To move forward through the database table, add a button to your form. Give
it the Name btnNext. Add some text to the button.
Double click your button to get at the coding window. For the code, we need
to check what is inside of the MaxRows variable and make sure we don’t
go past it. MaxRows, remember, is holding how many records are in the DataSet.
We also need to increment the inc variable. It is this variable that
will move us on to the next record.
Add the following if statement to your button:
The first line of the If Statement says “If inc does not equal
MaxRows minus 1″. If it doesn’t then we increment the inc
variable and call NavigateRecords. But can you see why we need to say
MaxRows – 1? It’s because of the Rows[inc] line in our NavigateRecords
method. The count for Rows starts at zero. So if we only have 4 records in the
database, the count will be for 0 to 3. MaxRows, however, will be 4. If we don’t
deduct 1, the programme will crash with an error: IndexOutOfRange.
If MaxRows is reached, then we can display a message for the user: “No
Run your programme and test it out. You should be able to move forward through
your database. Here’s what your form should look like when the last record is
Move Backwards through the Database
We can use similar code to move backwards through the records in the database.
Add another button to your form. Change the Text property to Previous Record.
Change the Name property to btnPrevious.
Double click your new button to get at the coding window. Now add the following:
if (inc > 0)
The if statement is now only checking the inc variable. We need to check
if it’s greater than zero. If it is, we can deduct 1 from inc, and then
call our NavigateRecords methods. When the form loads, remember, inc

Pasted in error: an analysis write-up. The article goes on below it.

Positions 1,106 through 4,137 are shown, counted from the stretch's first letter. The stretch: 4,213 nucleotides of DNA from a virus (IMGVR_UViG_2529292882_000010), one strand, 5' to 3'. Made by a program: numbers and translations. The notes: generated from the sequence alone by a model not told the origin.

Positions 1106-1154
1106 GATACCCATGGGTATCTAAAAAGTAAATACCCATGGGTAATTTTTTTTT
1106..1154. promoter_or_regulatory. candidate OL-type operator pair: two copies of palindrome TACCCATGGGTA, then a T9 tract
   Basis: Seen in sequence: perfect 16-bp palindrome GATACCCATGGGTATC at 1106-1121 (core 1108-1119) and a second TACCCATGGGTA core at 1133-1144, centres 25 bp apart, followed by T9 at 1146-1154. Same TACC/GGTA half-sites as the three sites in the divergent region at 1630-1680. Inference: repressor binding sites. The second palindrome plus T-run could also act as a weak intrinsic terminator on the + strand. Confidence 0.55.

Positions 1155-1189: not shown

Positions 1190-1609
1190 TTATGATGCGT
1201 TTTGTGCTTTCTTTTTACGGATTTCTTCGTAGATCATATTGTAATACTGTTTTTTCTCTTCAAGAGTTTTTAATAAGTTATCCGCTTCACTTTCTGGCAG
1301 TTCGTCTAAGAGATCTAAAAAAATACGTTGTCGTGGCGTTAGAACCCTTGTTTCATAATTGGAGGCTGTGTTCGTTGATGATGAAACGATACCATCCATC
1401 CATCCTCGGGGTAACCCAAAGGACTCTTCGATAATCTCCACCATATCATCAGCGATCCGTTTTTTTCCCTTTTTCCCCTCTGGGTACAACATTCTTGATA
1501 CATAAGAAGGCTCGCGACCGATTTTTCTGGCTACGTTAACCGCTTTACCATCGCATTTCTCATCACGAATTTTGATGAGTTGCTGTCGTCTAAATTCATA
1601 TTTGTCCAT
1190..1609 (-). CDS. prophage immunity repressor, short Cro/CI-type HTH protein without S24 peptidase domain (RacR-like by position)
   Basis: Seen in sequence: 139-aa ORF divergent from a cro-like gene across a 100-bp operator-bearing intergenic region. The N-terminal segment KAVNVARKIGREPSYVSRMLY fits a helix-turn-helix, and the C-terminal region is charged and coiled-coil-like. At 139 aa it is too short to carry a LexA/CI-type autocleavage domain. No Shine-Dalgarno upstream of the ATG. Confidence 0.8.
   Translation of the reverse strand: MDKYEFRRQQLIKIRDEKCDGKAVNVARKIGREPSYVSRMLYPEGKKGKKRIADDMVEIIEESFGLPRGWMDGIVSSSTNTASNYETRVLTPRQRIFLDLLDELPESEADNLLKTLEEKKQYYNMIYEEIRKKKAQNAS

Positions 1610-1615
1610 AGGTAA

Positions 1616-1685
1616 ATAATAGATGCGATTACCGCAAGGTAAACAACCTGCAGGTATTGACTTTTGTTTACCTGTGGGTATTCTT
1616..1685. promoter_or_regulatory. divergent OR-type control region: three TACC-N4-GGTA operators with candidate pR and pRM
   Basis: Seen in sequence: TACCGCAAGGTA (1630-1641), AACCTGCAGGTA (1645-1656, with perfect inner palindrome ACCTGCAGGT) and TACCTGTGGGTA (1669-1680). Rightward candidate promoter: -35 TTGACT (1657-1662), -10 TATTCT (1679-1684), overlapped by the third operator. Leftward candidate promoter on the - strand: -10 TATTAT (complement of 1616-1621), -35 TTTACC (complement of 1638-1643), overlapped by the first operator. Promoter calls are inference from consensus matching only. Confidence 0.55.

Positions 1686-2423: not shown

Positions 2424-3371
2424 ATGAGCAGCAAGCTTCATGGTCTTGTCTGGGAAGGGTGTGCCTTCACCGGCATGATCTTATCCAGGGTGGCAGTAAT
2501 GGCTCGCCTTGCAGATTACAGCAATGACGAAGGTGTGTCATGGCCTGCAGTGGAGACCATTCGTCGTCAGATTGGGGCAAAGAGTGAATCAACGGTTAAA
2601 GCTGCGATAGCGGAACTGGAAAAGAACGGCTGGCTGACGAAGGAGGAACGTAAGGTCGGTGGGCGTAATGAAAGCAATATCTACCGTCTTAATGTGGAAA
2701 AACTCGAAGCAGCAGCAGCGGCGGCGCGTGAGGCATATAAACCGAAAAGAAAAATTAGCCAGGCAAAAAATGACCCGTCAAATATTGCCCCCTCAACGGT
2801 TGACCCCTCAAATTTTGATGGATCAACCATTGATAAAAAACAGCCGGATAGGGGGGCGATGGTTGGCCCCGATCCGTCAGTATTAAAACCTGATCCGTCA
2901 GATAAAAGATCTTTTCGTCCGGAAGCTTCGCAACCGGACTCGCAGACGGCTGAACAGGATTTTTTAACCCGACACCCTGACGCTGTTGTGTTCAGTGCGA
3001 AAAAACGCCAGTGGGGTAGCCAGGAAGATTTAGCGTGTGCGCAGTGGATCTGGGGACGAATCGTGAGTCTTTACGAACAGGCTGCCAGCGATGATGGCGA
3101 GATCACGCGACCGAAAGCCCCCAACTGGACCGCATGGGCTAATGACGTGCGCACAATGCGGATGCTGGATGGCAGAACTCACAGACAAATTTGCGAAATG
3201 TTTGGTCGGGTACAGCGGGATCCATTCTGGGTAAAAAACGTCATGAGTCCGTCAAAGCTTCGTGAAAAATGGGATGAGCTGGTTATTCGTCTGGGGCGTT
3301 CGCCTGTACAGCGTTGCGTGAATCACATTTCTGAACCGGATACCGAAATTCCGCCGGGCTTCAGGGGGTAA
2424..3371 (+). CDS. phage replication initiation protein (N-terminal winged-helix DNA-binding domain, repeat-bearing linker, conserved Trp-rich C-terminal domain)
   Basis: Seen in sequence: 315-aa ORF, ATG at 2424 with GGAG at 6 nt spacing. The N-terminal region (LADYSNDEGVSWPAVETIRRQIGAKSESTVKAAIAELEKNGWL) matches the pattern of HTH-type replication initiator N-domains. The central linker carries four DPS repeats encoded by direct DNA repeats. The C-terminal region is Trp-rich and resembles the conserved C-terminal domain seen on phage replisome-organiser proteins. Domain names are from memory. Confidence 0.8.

will be 0. So if we tried to move back one record after the form first loads
the programme would crash. It would crash because we’d be trying to access Rows[-1].
Run your programme and test it out. Click you Previous button and you should
Jump to the Last Record in your Database
To move to the last record of your database, you only need to make sure that
the inc variable and MaxRows have the same value.
Add a new button to your form. Set the Text property as Last Record,
and the Name property as btnLast. Double click the button, and add the
if (inc != MaxRows – 1)
inc = MaxRows – 1;
The If Statement again checks that inc is not equal to MaxRows
minus 1. If it isn’t, we have this:
inc = MaxRows – 1;
MaxRows minus 1 would equal 3 in a four record database. Because Rows[inc]
goes from 0 to 3, this is enough to move to the last record after the call to
Jump to the First Record in your Database
To move to the first record in the database, we only need to set inc to zero.
Add another button to your form. Change the Text property to First Record.
Change the Name property to btnFirst. Double click your new button and add the
if (inc != 0)
inc = 0;
This just checks to see if inc isn’t already zero. If it isn’t, we set the
inc variable to 0. Then we call the NavigateRecords method.
Run your programme and test it out. You should now be able to move through
the records in your database without the programme crashing. What we’ll do now
is to allow the user to add a new record to the database. This is more complex
than the navigation, so you may need to pay close attention!
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